Battery Life

The name LG X Power can be interpreted in two ways. You might think that it means the phone is very powerful, or you might think that it has a massive battery. Of course, it could be both, but the phone would probably cost a bit more than $130 if that were the case. In the case of the LG X Power the name does refer to its battery, which comes in at a massive 15.58Wh. This is much larger than many phones that are actually thicker, larger, and heavier than the LG X Power, and I discussed in the previous section the likely reasons why LG was able to fit such a large battery into the phone.

It won't be surprising if the LG X Power outlasts every other device that I compare it to, but I did want to preface the review with our battery life tests instead of performance tests. I believe that the LG X Power's appeal will be to users who need an exceptionally long period of usage on a single charge, but it's not immediately clear based on the battery capacity alone how much longer the LG X Power can last than competing devices. The battery life advantage will have to be balanced against any potential disadvantages that the LG X Power provides, and so it makes the most sense to start off with the battery results before examining other aspects like performance, display, and camera quality.

As always, I'll begin with our internal web browsing battery test, followed by PCMark's battery test. Normally I would also include our GFXBench Manhattan ES 3.1 battery benchmark, but the LG X Power's GPU and drivers do not support OpenGL ES 3.1 which prevented me from running it.

Web Browsing Battery Life 2016 (WiFi)

In our WiFi web browsing battery test the LG X Power comes in at the top of the chart. At 12.77 hours it lasts much longer than most mid-range devices like the Moto G4 and the iPhone SE. When compared to devices of similar battery capacity like the Xiaomi Redmi Note 3 and the Meizu M3 note you can see that it only lasts a bit longer. This is important to note because while the LG X Power is a smaller and lighter device than either of those, it's not a great deal smaller, and it doesn't compare very favorably as far as specifications are concerned either.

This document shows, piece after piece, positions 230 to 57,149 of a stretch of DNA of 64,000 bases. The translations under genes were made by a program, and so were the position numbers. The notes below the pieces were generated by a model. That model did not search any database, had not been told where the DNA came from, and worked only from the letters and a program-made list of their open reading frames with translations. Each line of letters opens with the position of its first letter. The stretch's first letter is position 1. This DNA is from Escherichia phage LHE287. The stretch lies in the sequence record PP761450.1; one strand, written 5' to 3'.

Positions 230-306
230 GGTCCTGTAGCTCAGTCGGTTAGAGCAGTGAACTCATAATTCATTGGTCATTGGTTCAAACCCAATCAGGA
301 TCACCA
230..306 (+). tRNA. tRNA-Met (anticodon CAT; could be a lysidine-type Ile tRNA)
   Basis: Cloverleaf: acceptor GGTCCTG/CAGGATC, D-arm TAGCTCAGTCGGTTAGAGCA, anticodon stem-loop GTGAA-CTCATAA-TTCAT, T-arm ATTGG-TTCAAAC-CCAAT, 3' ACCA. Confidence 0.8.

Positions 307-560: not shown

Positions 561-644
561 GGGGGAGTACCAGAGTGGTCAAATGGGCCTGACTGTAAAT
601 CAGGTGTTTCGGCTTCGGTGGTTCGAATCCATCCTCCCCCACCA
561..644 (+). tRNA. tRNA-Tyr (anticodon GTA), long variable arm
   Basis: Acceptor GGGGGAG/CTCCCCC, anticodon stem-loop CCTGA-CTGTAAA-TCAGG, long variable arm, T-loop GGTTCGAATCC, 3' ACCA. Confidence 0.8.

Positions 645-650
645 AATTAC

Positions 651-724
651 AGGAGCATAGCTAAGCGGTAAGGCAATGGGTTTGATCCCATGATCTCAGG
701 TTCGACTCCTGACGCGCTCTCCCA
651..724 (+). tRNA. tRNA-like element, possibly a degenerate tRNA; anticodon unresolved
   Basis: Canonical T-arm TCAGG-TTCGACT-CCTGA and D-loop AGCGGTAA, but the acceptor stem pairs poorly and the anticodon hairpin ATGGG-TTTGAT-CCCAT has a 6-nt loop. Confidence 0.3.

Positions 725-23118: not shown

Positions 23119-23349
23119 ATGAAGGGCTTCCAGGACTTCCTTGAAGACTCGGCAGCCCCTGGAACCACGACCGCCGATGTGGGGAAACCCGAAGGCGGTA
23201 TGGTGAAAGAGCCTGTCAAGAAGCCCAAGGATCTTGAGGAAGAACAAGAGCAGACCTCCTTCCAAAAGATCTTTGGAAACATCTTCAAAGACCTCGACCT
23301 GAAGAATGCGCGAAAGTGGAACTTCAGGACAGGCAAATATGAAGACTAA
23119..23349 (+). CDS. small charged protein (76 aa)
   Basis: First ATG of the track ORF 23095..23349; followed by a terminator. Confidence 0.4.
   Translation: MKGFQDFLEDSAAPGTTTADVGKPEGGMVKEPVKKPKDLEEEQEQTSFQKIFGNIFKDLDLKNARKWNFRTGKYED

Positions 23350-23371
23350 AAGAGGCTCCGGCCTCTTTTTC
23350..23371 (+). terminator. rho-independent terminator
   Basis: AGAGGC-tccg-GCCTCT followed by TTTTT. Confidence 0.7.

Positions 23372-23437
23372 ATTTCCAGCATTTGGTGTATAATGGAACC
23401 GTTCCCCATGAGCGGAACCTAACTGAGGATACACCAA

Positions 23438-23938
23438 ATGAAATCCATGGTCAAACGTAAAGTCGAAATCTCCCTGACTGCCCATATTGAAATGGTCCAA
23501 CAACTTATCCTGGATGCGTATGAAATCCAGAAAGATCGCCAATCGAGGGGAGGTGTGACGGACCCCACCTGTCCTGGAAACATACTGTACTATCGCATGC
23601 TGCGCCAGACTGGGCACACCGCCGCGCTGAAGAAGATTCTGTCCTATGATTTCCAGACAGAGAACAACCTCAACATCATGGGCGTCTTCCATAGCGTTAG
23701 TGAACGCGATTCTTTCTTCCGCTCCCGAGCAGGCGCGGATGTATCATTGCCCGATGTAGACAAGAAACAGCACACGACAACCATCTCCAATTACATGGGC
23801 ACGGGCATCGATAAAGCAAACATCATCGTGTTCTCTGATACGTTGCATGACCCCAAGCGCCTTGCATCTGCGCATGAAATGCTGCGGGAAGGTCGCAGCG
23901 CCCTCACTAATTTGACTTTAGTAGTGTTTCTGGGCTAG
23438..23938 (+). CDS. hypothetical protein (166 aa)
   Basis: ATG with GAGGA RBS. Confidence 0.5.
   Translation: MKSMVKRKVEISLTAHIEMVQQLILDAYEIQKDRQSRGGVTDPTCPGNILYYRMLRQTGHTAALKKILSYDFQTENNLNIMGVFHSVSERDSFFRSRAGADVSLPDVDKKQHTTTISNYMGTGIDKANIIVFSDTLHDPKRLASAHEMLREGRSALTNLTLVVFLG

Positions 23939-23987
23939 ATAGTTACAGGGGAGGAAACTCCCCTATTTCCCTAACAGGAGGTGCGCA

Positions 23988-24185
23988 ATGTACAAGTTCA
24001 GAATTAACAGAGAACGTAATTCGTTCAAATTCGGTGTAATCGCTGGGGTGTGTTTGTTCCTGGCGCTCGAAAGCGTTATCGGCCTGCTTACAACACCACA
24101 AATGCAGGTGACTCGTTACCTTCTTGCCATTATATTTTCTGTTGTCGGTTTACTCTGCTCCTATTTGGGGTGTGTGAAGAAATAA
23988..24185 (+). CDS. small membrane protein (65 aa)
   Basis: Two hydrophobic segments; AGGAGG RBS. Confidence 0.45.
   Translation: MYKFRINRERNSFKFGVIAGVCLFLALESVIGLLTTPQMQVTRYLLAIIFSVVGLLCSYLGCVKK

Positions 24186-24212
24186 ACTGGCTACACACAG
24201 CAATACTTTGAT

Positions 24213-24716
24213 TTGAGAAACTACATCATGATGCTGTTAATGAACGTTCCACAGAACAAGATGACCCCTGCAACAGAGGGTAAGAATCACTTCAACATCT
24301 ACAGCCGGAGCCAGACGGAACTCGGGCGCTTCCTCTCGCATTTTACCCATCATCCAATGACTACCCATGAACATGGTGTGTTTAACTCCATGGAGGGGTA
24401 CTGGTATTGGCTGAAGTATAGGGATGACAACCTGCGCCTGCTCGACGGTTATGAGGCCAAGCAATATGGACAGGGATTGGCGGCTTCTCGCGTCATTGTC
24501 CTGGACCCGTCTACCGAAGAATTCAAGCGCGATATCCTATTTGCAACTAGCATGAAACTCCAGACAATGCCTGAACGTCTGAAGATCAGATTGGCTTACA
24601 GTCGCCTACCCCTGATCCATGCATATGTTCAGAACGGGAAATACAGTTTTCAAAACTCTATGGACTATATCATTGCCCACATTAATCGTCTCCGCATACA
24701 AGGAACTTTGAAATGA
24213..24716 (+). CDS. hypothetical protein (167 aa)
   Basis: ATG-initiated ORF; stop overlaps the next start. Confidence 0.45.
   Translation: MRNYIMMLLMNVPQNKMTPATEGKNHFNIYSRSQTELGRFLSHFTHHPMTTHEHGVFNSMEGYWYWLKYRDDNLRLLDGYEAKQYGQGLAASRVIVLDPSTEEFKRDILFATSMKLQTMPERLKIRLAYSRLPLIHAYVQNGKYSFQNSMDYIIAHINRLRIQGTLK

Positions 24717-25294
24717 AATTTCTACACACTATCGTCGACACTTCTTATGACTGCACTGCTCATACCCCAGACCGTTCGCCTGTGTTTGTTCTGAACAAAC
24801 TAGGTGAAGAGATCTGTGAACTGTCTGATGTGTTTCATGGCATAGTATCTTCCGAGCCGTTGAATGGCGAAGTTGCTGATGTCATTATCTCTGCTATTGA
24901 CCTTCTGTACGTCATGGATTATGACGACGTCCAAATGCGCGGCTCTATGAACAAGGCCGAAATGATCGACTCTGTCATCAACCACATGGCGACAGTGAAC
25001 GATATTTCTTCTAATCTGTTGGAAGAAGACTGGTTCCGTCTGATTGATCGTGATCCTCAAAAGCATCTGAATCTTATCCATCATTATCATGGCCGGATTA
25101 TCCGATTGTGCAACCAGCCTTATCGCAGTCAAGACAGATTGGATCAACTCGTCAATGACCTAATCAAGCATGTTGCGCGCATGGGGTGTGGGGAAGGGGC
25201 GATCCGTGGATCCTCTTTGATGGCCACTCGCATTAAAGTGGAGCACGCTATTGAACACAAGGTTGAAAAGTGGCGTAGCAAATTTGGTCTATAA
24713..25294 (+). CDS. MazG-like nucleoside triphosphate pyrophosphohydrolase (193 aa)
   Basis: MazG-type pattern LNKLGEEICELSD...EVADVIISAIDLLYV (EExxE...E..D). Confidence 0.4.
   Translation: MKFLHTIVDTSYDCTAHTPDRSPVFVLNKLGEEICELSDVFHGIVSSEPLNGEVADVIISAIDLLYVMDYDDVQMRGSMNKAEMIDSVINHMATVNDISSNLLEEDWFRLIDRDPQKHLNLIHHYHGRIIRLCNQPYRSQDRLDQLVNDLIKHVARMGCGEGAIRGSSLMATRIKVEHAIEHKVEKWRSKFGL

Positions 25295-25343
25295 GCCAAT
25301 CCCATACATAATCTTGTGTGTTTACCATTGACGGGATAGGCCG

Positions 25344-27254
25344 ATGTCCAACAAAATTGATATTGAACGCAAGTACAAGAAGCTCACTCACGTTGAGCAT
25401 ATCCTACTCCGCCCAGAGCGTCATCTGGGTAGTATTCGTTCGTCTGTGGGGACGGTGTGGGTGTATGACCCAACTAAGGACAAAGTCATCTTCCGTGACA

PCMark - Work Battery Life

In PCMark's battery test the LG X Power continues its lead over the other smartphones. In this case the gap between it and the competition from Xiaomi and Meizu is much more significant, and PCMark is a good representation of the usage that a device can provide on a single battery charge, so this is arguably a more important test for the LG X Power to excel in than the web browsing test. In the following section it will also be important to make note of how the LG X Power performs in PCMark compared to those phones.

As expected, the LG X Power does well in our battery benchmarks. It would be hard to do anything else when you pair a 15.58Wh battery with fairly humble hardware, but we've seen stranger things happen with mobile devices. I don't really have much else to say here except that the phone definitely lives up to its name.

Charge Time

Smartphone charge time has been an issue in the past for mid-range smartphones. In some cases I've received chargers that aren't even your standard 5W blocks, and some were only half that at 2.5W. Thankfully we've seemingly moved past that time, and even though the LG X Power packs such a large battery one would hope that the time to charge it isn't extensive.

Charge Time

With its stock charger, the LG X Power takes about three and a half hours to go from 0 to 100% charge. Considering the size of its battery, this isn't a bad result, although the Meizu M3 note and Xiaomi Redmi Note 3 both charge a bit quicker. Given the fact that LG's charge time is similar to the Honor 5X which has a 25% smaller battery capacity there's not really anything to complain about.

Intro and Design Performance
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  • Notmyusualid - Wednesday, August 31, 2016 - link

    This is truly a talkers phone - on a budget! Can't argue with that price at all.